It is understandable that Liz, Jesse’s ex-girlfriend, has mixed feelings about her relationship with Jesse and the fact that he broke up with her to come out. However, she is putting herself in the position of a supportive person in Jesse’s life as he is dying (of what, by the way?), and it seems that she would have come to some closure on the former relationship to be able to do so. Thus her negative remarks about Jesse’s gayness seem inappropriate, especially coming from an adult to a teen sister.

      I agree with you that as an author, you are in no way obligated to create characters without flaws, and in fact, if you did, the book would be much less interesting.

      From the photo on the book jacket, I would guess you are a good 25 years younger than I am, and came out in a very different general, if not personal climate, than I did. In responding to your book, I am looking at in in the context of every LGBT book that has been published for young people since John Donovan’s 1969 book, “I’ll Get There, It Better be Worth the Trip.” The great majority of these books still have negative endings, and portray homophobic speech and action as, if not acceptable, then as a norm. It wasn’t until the 1990s that changes started to appear, but they haven’t been consistent. For every “Sissy Duckling,” or “And Tango Makes Three,” or “Boy Meets Boy,” there have been ever so many more books that aren’t gay-positive.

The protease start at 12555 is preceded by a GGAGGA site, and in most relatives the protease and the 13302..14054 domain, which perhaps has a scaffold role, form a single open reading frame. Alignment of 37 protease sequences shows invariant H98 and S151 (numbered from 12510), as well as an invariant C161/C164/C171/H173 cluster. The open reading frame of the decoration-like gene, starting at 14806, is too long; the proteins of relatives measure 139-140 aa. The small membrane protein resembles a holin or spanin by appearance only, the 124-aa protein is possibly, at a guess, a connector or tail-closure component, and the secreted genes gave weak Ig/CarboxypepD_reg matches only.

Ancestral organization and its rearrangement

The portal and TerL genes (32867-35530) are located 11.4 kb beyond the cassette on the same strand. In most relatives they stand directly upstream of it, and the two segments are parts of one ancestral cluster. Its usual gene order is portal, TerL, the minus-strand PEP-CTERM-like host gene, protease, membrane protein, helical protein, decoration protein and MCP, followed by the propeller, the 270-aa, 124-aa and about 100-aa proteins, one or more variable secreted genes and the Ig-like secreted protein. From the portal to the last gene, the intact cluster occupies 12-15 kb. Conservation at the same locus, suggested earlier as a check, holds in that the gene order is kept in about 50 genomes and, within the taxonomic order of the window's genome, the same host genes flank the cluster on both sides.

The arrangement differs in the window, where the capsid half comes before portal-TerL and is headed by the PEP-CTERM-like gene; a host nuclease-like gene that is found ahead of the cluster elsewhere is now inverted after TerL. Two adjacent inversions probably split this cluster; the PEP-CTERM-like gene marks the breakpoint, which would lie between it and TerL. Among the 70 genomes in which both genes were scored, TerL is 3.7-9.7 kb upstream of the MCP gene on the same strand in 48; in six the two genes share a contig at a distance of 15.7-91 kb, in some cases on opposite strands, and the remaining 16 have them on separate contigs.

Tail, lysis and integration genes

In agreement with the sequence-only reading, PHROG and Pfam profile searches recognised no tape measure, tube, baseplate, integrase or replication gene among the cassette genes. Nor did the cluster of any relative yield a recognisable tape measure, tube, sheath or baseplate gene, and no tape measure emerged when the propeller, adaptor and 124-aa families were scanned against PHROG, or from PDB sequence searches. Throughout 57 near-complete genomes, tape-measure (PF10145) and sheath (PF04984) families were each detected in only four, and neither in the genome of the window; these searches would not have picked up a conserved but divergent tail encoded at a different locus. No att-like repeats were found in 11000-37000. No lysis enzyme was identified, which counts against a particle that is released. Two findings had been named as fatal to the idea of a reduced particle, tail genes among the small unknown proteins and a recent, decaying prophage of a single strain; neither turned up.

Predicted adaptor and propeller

Obviously, as a writer, you have a particular story you want to tell, in a way that feels right for the characters, and you have no obligation as a gay (or straight) author to avoid homophobic remarks.

      As a reviewer, and someone who looks at your book, and every other LGBT book published for young people in the context of the history of such books, homophobic speech or actions are relevant.

      In the case of your book, I am just puzzled by the inclusion of these attitudes which, to me, are a distraction, and detract from everything else that is going on in a complex psychological plot.

      I would be glad to continue this dialogue.

      Nancy

  3. Whoah whoah…I just finished this book and did not come away with that feeling at all. Maybe it’s because I know the author and know he is gay, but even if I didn’t I don’t think the word “homophobia” would have crossed my mind. Fictional characters do not always use politically correct language, just as real life people do not always use politically correct language. (I think it would be cool if you invited Bennett to the blog to talk about the book, which I just think is so interesting…)

    • silverrod

      I would be really interested in talking with him about it. I think the book is really interesting in every other way, but it seems like even now, most young adult books featuring LGBT characters express unnecessary homophobia, and reinforce the idea that that kind of talk and behavior is harmless and acceptable. There are still so few books where queer teens experience happy endings. If you talk to queer teens in high school, these careless slurs are agonizing, and the behavior too often doesn’t end just with cruel speech. It’s not the 1970s anymore, when LG (forget the B & T) books for young adults always ended in suicides, car crashes, or violent attacks.